UN Official, Deputy FM Discuss Lebanon, Region

Hossein Jaberi AnsariHossein Jaberi Ansari

The UN Special Coordinator for Lebanon Sigrid Kaag and Iran's Deputy Foreign Minister for Arab and African Affairs Hossein Jaberi Ansari discussed efforts to help resolve Lebanon's presidential crisis and regional conflicts.

Speaking in the meeting in Tehran on Tuesday, Ansari reiterated Iran's principled stance of supporting stability in Lebanon, IRNA reported.

Ansari said Lebanese political groups have an essential role in settling the presidential problem in the country, and external players should support and strengthen domestic political agreements in the country.

Lebanon has had no president since the end of the six-year term of former president, Michel Sleiman, in May 2014, as disagreements in the Lebanese Parliament have resulted in its failure to pick a new president.

The power vacuum is considered the longest since 1990, which marked the end of Lebanon's civil war.

Under Lebanon's power-sharing system, the president must be a Christian, the prime minister a Sunni Muslim and the parliament speaker a Shia Muslim.

Ansari said crises in the region, including that of Syria, do not stem from sectarian or religious differences and are merely political conflicts, so they can only be solved through political dialogue.

"Sectarian policies, if continued [by certain countries] in the region, will create unsolvable contradictions and this means the elimination of possibilities for ending regional conflicts," he said.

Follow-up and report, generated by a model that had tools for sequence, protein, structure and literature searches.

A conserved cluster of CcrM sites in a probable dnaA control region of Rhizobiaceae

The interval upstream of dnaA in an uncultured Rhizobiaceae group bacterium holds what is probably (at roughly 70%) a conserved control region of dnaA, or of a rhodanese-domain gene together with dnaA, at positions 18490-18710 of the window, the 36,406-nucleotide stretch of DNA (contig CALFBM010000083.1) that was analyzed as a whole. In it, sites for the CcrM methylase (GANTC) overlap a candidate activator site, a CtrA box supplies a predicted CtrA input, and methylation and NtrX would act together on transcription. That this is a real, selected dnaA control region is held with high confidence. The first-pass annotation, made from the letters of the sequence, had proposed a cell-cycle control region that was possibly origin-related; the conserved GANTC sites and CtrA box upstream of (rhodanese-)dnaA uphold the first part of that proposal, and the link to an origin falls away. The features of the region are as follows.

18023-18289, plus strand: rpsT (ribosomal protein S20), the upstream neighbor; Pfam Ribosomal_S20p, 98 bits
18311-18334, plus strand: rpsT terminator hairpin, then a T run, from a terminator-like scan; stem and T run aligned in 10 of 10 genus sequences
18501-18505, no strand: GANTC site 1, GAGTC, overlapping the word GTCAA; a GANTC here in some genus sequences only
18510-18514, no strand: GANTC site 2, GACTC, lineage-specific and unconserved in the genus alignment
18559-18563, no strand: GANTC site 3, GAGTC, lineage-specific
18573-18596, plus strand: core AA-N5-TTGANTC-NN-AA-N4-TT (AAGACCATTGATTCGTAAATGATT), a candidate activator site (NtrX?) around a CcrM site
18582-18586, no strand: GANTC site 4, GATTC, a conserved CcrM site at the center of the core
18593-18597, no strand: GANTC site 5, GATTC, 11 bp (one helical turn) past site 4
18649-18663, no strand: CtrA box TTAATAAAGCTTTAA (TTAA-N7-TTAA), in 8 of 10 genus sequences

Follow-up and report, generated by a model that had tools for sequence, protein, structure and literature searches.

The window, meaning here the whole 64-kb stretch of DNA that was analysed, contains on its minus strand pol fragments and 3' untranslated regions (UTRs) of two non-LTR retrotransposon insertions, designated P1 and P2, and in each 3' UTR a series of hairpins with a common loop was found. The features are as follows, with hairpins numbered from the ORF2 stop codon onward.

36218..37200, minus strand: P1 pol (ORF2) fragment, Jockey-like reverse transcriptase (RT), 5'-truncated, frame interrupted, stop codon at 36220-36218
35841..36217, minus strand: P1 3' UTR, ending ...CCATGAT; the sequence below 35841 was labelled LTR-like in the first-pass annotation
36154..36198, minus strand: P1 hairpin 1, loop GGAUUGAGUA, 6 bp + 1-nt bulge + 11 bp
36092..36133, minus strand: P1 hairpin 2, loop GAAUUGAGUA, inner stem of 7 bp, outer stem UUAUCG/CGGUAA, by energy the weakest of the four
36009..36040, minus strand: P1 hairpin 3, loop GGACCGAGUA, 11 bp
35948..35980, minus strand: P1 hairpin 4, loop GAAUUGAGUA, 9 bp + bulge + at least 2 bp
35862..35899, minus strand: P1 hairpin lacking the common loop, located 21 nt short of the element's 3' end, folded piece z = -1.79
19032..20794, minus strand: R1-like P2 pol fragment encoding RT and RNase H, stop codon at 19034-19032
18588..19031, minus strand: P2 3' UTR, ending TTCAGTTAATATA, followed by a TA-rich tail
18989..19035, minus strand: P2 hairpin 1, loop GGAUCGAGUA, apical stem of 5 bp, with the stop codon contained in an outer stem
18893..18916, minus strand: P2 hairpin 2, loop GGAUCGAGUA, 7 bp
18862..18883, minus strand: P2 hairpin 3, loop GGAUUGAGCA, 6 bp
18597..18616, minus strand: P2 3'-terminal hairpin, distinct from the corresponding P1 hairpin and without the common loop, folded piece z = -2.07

***Strategic Mistake

The deputy foreign minister said some countries have a wrong understanding about regional crises and try to use terrorist groups as a tool to advance their agenda.

"Using extremist and terrorist groups may have tactical, short-term benefits for these players, but it is a big strategic mistake that would harm them in the mid- and long-term," he said.

The Syrian conflict, since it erupted in 2011, has pitted the Syrian Army against foreign-backed militants fighting to overthrow the government.

Some regional states and western powers, including Saudi Arabia, Turkey, Qatar and the US, are supporting militants and insist the Syrian leadership should be changed, while Syria's allies, Iran and Russia, are assisting the Syrian forces in their anti-terror battle, saying that only the Syrian people can decide the future of their country.

Kaag said despite the fact that Lebanon has been affected by regional conflicts and domestic differences, it enjoys good security and efforts by political parties in Lebanon can help further improve its stability.

The UN official said Lebanon's problems have been intensified by unpleasant regional developments, including those in neighboring Syria, stressing the need for a quick political settlement of the Syrian conflict.

Kaag also met Deputy Foreign Minister for Legal and International Affairs Abbas Araqchi on Tuesday. She concluded a two-day trip to Iran on the same day.

The visit was part of the special coordinator's ongoing consultations with key regional and international players on Lebanon's stability and security.

The UN official will later visit Saudi Arabia and Russia to help Lebanon.


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